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Challenges of Assessment

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Teachers as Graduate Students

1:20

The best hands-on kind of scholarly engagement, was that there would be nothing watered down in these graduate courses. It would be a very stiff, heavy reading. A lot of the—that surely the teachers would complain about, just as much as the graduate students, with one exception, which is that instead of a historiographical paper at the end, which is how most of these courses end, we would have them develop two lesson plans, one based on primary sources somewhere in the course, and then another based on historical debate inspired by some of the readings, that people then would go off and do some more work on.

Each course, which had a symposium at the end at the Newberry Library, the Newberry Library was a prominent partner with UIC in the grant, and we would bring in a scholar to do a keynote address and the like. But really, the primary function of the symposium was for the teachers to show off their lesson plans to their colleagues, and usually we'd get anywhere from 60 to 80 teachers from throughout the Chicagoland area, coming in for those.

Challenges of Assessment

1:18
. . . we may or may not stick a grade on the paper, but we engage with them intellectually on that, and we kind of see where their growth is and what their strengths are and where they could do better.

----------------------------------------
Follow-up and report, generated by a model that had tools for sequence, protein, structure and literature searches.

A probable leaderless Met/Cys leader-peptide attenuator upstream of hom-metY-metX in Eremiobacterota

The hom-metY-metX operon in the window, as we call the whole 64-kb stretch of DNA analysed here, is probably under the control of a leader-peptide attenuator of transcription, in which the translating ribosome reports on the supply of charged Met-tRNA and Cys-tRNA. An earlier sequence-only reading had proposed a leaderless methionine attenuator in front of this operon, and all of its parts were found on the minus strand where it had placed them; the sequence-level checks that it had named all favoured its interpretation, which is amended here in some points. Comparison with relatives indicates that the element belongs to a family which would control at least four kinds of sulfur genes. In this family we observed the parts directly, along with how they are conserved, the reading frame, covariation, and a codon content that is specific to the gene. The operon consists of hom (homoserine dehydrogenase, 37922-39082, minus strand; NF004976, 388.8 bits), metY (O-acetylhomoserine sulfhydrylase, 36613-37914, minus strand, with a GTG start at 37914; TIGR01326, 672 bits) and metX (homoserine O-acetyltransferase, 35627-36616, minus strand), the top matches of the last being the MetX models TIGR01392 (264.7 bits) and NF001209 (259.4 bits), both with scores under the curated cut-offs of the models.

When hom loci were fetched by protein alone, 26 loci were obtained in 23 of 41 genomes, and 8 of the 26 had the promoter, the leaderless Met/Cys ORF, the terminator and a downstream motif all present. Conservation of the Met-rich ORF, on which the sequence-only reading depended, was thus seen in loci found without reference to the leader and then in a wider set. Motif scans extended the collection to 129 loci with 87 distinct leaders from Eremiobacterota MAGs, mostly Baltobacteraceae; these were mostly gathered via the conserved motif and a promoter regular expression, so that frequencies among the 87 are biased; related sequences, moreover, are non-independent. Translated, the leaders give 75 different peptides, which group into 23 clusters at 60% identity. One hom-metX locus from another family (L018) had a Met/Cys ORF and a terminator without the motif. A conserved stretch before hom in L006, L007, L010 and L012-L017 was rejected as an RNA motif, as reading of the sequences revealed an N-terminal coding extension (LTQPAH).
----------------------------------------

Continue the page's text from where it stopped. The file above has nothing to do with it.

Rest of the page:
The whole issue of assessment is thorny and difficult. And, in this case, when we assess our graduate students, we don't have them do standardized scientific, or pseudo-scientific kinds of testing at the end of the course. We have them write a paper, and we may or may not stick a grade on the paper, but we engage with them intellectually on that, and we kind of see where their growth is and what their strengths are and where they could do better. And that's what we did here, and we saw incredible intellectual growth. In terms of trying to document that in any kind of quantitative way, that's pretty problematic. And then, to go beyond that and figure out what's going on with those teachers' students is even more difficult to figure out. And honestly, I'm not sure that it can be assessed and documented in any kind of really genuine scientific way.

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